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Eiichiro Komatsu awarded the Inoue Prize for Science

ORIGINS scientist and Max Planck Institute for Astrophysics (MPA) Director Eiichiro Komatsu has been selected as one of the recipients of this year's Inoue Prize for Science. He is recognized for his work to study the physics of the early Universe as a researcher with remarkable achievements in the natural and fundamental sciences.

ORIGINS scientist and MPA Director Eiichiro Komatsu with a ball depictin the CMB. Image: Hiroto Kawabata

The Inoue Prize for Science is awarded to Eiichiro Komatsu for his work to study the physics of the early Universe. With the prize, the Inoue Foundation for Science recognizes researchers under 50 who have made remarkable achievements in natural and fundamental sciences. The prize was established in 1984 and comes with a gold medal and some research funding. An award ceremony will be held on February 4, 2022 for this year's recipients.

From the Big Bang to the Universe we know today

The Standard Model of cosmology is known as the “ΛCDM model”, with Einstein’s cosmological constant “Λ” or “Dark Energy“, which is responsible for the accelerated expansion of the Universe, and “Cold Dark Matter”, which is the dominating form of matter in the Universe. However, the most extraordinary ingredient of the standard model is not contained in its name – and it’s a hard one to grasp: It is the idea that our ultimate origin is the quantum mechanical fluctuation generated in the early Universe.

Using data from the Wilkinson Microwave Anisotropy Probe (WMAP), Eiichiro Komatsu has searched for evidence of these quantum fluctuations. And indeed this idea is not only consistent with all the observational data, but the evidence keeps accumulating. Komatsu has been working as a member of NASA's WMAP team since 2001, using the cosmic microwave background (CMB) observational data to find evidence of inflation, a period of rapid, exponential expansion right after the Universe was born, when the short wavelength of the quantum fluctuations was stretched exponentially to astronomical lengthscales. The team found that the density fluctuations in the CMB obeyed a certain probability distribution, which depends on physics of the creation of quantum fluctuations. These quantum fluctuations lead to density fluctuations in the CMB, shaping the Universe that we know today.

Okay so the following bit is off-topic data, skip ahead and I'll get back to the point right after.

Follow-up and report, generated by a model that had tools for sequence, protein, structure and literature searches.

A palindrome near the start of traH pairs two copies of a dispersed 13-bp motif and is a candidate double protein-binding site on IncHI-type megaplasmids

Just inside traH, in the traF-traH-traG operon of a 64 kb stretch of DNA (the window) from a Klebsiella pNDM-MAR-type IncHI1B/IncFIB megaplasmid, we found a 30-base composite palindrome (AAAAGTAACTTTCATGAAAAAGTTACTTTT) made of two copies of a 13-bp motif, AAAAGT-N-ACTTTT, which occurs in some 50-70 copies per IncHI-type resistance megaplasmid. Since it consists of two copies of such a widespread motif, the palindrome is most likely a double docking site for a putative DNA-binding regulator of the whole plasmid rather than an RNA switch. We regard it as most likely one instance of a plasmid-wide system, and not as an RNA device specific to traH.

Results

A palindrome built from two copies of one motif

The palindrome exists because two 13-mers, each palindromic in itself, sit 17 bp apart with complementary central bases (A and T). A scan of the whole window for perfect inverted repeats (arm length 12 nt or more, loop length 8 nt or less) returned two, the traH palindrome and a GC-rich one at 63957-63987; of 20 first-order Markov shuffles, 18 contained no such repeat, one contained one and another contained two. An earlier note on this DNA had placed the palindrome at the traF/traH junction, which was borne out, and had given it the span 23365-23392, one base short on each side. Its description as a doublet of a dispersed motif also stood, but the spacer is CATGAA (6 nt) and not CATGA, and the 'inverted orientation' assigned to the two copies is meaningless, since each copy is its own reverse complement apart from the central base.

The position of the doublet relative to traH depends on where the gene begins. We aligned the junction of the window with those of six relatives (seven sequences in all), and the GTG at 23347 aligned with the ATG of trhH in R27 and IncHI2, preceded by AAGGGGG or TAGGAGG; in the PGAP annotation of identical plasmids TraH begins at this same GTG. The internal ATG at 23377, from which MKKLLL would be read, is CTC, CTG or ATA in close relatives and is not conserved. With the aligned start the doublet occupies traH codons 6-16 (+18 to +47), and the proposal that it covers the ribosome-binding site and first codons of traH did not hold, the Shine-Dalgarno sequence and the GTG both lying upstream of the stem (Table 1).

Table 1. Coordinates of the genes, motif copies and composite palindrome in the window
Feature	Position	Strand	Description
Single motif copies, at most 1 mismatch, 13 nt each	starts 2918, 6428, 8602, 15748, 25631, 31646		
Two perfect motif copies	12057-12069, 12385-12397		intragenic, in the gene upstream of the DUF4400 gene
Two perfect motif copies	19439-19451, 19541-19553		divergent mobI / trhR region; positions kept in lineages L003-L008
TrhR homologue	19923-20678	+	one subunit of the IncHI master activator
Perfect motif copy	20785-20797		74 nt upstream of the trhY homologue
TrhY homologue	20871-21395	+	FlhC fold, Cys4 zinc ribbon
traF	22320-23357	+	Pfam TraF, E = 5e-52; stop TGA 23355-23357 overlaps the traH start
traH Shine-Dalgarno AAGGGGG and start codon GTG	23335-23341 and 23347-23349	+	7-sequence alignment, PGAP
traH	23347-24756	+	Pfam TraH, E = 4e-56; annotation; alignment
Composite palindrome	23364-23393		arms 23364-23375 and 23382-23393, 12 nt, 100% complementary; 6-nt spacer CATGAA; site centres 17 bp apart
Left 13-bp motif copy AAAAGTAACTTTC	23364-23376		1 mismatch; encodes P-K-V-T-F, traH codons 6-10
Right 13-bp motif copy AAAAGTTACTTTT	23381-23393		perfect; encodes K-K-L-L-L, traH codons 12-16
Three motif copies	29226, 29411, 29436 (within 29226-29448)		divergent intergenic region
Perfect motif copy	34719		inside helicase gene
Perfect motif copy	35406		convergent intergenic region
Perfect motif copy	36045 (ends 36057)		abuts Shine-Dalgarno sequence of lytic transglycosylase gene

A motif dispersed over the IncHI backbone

40 years Inflation Theory

The theory of inflation and the Inoue Prize for Science have a long history together. Inflation was proposed 40 years ago by Prof. Katsuhiko Sato and others; Sato received the 5th Inoue Prize for Science in 1988. Prof. Jun’ichi Yokoyama, who studied the novel aspects of inflation that were not known when theory was proposed originally, received the 29th prize in 2012. Now, Eiichiro Komatsu receives the prize for looking for the traces that inflation leaves in the data from the CMB. “We are close to figuring out whether the period of cosmic inflation actually occurred in the early Universe”, explains Eiichiro Komatsu. „Our research follows the path paved by these pioneers. This prize encourages us to take the next step towards finding definitive evidence for inflation.”

After obtaining his science doctorate from Tohoku University in Sendai, Japan, in 2001, Eiichiro Komatsu went to Princeton University as WMAP Fellow and became Professor of Astronomy at the University of Texas at Austin. Since 2012, he is Director at the Max Planck Institute for Astrophysics in Garching, Germany, since 2017 Principal Investigator at the Kavli Institute for the Physics and Mathematics of the Universe, and since 2019, co-coordinator of the Research Unit “The Origin and Evolution of Large-Scale Structure” at the ORIGINS Excellence Cluster.

MPA Press release